• Marty Holdin says

        I think his point in bringing up the incarceration rate for possession, and the average income value was merely to illustrate that the average joe is ignorant about even the most basic statistics concerning complex issues, although the average joe happens to be steadfast in their beliefs about the issues. I don’t think he was trying to quickly sum up the harm being done by the war on drugs in one statistic. Your reading comprehension would garner you a nice big F as well! Judging by your profile on the Guardian, you are a nasty troll. You are a highly educated troll, but still a troll.

  10. Johann Spurzheim says

    Your proposed solution to the important and intractable problem of ill-informed opinion is touchingly naive. To urge that we should all be nicer to people who confess their ignorance is like saying we should all donate more to charity in order to solve world hunger. Why didn’t you practice what you preach and admit that you don’t know how to solve this problem?

    • Marty Holdin says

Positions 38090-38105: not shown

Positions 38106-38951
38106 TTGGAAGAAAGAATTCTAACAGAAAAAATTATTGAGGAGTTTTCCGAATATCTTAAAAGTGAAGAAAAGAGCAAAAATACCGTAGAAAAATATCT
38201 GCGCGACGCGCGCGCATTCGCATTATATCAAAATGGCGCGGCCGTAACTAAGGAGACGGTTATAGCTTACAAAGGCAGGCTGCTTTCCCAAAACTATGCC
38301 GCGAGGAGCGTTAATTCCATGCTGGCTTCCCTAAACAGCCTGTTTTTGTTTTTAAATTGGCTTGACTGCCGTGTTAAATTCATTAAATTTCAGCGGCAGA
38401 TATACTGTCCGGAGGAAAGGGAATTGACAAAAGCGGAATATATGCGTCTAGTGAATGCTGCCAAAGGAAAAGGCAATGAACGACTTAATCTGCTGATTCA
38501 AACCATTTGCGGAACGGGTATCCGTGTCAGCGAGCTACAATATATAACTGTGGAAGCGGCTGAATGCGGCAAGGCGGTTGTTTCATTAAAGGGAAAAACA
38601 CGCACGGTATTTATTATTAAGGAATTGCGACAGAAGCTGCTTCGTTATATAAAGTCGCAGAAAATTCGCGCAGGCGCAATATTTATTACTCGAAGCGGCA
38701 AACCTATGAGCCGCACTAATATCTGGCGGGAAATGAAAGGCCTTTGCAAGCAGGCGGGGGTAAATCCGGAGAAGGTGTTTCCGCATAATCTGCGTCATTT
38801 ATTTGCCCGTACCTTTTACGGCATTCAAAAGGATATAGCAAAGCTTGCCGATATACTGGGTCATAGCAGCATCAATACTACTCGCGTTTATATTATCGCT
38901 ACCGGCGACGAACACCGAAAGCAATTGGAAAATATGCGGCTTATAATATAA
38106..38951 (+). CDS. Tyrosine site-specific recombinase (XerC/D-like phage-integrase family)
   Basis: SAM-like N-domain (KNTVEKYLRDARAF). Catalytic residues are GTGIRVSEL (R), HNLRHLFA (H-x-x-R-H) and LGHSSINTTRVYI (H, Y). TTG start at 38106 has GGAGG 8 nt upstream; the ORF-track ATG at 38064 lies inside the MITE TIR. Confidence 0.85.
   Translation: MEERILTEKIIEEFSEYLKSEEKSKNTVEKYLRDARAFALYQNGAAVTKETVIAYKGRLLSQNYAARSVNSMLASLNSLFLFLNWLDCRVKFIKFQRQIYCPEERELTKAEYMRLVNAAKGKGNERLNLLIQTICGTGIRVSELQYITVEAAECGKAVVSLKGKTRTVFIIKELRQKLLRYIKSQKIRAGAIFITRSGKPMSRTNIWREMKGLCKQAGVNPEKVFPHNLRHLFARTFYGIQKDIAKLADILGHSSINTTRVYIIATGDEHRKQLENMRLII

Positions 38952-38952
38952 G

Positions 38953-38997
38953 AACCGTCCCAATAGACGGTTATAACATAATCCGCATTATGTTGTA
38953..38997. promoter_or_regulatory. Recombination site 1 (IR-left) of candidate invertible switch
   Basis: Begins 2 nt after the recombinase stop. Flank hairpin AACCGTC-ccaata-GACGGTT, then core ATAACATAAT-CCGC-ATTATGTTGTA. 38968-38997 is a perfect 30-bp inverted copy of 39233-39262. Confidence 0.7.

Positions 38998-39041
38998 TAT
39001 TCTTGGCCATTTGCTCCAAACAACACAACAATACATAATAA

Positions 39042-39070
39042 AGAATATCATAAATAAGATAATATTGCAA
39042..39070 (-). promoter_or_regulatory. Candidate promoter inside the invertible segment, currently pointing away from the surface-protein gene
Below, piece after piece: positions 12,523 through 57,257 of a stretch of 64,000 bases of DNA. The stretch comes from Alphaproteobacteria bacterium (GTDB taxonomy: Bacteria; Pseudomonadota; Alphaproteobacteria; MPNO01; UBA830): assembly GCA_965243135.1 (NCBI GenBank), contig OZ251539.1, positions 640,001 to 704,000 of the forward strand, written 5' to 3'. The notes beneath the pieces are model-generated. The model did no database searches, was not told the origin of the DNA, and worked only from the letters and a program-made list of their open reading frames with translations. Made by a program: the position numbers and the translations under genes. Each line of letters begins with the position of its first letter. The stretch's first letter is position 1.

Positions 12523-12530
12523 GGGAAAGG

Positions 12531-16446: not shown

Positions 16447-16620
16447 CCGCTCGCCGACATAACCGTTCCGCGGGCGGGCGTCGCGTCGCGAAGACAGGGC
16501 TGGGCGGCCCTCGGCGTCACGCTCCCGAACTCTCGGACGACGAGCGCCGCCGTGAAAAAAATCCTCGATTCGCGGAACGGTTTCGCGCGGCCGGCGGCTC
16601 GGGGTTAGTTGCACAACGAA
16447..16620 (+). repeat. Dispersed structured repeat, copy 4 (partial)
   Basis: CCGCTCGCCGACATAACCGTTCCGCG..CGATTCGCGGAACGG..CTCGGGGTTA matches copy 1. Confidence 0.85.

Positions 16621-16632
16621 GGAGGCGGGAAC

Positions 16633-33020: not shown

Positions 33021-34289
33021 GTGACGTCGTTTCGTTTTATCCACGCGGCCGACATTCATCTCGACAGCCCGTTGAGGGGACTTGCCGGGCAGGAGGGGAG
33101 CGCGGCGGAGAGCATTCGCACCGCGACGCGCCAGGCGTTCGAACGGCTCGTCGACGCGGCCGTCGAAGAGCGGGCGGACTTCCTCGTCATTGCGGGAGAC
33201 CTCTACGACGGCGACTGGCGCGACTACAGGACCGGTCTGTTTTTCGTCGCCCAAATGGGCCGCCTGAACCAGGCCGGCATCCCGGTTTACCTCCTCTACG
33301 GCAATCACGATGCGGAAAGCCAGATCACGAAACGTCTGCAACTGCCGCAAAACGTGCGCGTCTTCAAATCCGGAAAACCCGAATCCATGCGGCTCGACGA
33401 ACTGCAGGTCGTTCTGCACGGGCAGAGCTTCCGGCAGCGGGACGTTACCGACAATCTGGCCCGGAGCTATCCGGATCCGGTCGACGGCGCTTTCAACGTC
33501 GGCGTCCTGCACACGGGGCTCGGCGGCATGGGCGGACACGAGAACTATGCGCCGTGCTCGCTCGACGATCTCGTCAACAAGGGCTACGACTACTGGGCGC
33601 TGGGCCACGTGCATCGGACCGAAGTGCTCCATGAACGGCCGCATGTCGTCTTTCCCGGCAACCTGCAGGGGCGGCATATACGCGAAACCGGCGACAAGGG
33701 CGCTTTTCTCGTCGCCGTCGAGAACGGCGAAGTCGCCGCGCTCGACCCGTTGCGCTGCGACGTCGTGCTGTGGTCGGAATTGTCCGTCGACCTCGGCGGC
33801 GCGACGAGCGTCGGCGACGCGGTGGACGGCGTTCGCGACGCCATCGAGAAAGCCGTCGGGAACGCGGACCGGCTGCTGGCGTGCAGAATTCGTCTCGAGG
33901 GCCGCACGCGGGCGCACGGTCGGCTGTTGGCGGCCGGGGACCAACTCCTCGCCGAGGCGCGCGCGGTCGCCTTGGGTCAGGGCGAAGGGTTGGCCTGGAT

I think the point is that those who confess their ignorance would no longer be holding an ill-informed opinion: I think it is inferred in that confessing their ignorance, they are also dropping their previously held opinion (what fool would still hold onto an opinion after admitting they have no foundation?). What you would be left with is a person who has no opinion and is hopefully able to start fresh on educating themselves on the topic at hand. While being ignorant is not a virtue, at least they aren’t doing any harm by swaying people to agree with an ill-informed opinion, or voting ignorantly. I also would agree that you can be nice to people who just don’t know anything about a certain topic, as the author is explaining that is hard to expect everyday citizens to have expertly informed opinions on a multitude of subjects which require a lifetime of studying in order to understand. If I were to throw out the topics of sustainable fishing in the gulf of mexico, water desalination in the middle east, sub-saharan african economics, and pollution associated with agriculture, I’m sure you wouldn’t be well informed on all 4 (maybe i’m wrong), but I could still be cordial to you and encourage you to educate yourself. I would definitely respect you more if you said “I have no idea about any of those subjects,” than if you had ill-informed opinions.